The State of Massachusetts closed another compounding pharmacy over the
weekend after finding unspecified problems at the facility in the Boston
suburb of Waltham that is part of Infusion Resource, a Rhode Island-based
Madeleine Biondolillo of the state Department of Public Health said in a statement that inspectors found problems during an unannounced visit. She said the facility passed inspection in 2009, but not last week.
"Upon arrival," she said in a statement, "inspectors noted significant issues with the environment in which medications were being compounded, which has called into question the company's compliance with nationally accepted pharmacy standards and Massachusetts regulations."
The Associated Press reported that Infusion agreed to contact its 40 patients and their doctors and ask them to return any unused medication. Biondolillo said there was no indication any medication the company compounded was unsafe.
She said the company also had an area to administer intravenous drugs, which it was not licensed to do. She said the company voluntarily surrendered its pharmacy license this weekend.
Biondolillo was not specific, but the problem increased concern about large compounding pharmacies.
The New England Compounding Center is at the center of a national fungal meningitis outbreak. The U.S. Centers for Disease Control and Prevention said in its last update that there had been 355 cases in 18 states and 25 deaths.
Originally, compounding pharmacies were facilities where a pharmacist mixed a special combination of medicine to match a prescription. Using a gray area in the regulatory landscape, manufacturing-size operations have produced medicine in bulk, often without prescriptions.
The FDA released inspection reports that its investigators filed after looking at the NECC facility. The investigators said they saw multiple colors of goo and mold.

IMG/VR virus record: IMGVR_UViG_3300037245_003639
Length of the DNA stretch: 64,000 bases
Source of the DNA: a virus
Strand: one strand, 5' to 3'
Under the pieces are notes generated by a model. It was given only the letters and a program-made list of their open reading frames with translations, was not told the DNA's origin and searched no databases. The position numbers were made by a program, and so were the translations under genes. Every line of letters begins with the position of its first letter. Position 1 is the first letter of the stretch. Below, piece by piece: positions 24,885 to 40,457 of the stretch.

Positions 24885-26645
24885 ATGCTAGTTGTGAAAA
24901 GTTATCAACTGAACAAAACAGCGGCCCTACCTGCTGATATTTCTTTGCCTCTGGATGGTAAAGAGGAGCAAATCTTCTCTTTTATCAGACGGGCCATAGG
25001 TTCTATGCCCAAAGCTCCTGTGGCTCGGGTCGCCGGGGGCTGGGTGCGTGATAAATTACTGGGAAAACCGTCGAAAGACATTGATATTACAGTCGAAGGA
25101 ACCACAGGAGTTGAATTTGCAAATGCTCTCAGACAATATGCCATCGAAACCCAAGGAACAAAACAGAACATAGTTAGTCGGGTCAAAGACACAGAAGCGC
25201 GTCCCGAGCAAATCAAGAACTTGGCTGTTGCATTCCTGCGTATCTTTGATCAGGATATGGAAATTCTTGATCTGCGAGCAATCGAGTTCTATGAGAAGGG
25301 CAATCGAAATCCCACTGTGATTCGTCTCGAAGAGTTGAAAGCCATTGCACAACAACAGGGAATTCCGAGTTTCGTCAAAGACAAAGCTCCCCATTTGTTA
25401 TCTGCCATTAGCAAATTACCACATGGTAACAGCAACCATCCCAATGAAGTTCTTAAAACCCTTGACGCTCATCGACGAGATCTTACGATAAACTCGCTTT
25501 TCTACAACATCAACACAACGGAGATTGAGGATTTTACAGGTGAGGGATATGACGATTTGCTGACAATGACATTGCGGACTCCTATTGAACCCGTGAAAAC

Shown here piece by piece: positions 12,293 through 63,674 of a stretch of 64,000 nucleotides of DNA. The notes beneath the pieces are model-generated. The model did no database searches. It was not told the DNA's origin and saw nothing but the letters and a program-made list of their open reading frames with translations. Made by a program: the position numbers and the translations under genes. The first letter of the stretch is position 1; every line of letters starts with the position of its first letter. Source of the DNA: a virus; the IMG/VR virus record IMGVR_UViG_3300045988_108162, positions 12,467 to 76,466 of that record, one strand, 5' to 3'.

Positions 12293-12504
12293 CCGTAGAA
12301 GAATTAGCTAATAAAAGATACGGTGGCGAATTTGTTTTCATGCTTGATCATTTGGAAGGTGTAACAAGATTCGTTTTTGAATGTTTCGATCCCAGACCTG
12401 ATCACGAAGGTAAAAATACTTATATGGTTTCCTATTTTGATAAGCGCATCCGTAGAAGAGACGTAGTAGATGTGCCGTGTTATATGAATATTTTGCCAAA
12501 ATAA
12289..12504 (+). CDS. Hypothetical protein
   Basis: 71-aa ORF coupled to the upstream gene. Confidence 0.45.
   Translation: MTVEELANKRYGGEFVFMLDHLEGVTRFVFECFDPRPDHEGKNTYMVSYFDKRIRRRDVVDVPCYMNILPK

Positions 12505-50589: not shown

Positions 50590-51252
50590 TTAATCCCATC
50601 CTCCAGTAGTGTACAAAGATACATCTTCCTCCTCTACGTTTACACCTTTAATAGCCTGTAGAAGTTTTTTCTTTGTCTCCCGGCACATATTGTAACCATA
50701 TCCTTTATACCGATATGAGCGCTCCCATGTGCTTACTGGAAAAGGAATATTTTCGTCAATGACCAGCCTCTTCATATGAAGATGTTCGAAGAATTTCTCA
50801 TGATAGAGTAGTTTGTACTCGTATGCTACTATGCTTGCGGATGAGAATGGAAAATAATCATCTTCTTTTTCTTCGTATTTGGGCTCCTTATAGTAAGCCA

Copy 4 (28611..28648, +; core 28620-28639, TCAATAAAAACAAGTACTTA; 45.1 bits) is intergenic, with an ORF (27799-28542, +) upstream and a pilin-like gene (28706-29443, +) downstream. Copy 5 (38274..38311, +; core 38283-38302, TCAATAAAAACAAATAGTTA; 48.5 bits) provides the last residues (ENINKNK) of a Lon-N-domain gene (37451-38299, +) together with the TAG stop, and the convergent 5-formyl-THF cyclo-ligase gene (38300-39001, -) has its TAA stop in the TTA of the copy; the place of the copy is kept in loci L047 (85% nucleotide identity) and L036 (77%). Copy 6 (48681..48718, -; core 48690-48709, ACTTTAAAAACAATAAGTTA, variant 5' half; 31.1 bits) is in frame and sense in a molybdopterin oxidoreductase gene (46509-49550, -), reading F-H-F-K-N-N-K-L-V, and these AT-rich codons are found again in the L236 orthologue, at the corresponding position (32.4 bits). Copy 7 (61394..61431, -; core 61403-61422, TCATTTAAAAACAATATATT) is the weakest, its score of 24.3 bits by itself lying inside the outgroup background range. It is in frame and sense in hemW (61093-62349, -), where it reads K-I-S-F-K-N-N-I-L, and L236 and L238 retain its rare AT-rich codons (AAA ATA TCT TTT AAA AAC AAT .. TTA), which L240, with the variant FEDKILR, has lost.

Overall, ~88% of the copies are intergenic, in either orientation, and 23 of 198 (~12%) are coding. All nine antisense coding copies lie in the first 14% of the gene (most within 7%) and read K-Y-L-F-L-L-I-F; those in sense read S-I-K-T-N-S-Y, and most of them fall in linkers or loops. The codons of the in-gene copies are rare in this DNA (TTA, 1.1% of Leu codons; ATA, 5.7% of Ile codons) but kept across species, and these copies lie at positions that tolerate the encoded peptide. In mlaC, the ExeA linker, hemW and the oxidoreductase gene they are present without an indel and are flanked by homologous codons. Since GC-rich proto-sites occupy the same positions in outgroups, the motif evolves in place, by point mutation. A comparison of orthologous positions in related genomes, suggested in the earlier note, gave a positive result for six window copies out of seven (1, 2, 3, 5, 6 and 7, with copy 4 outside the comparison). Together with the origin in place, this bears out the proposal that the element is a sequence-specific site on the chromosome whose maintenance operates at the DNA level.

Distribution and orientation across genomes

The FDA investigators found reports by NECC personnel regarding problems of mold, but not enough seems to have been done to fix them.
The first page of the report noted "greenish black foreign matter" in vials of methylprednisolone acetate, the injectable steroid that has been the biggest source of problems. Patients received the medication to treat pain. There was "white, filamentous" material in other vials of that medicine, and "greenish-yellow" discolorations in one of the machines that is supposed to help sterilize the medicine, according to the report.
The FDA investigators also tried to connect dots or at least point out possible sources of trouble at NECC.
"The firm is abutted to the rear and along the left parking area by a recycling facility that handles such materials as mattresses and plastics," the report said. On Oct. 2, "the area was observed to include large equipment (e.g. excavators and freight trucks) producing airborne particulates (e.g. dust). Rooftop units serving the [heating, ventilation, air-conditioning] system were estimated to be located approximately 100 feet from the recycling facility."
Two days later, "we observed what appeared to be dark particulate and white, filamentous covering the louvers of an HVAC return located behind the autoclave, located in the firm's Middle Room (ISO 7). This autoclave is used for the steam sterilization of formulated bulk drug suspensions, including preservative-free formulations of methylprednisolone and triamincinolone, which are intended for injection."
The investigation is continuing.
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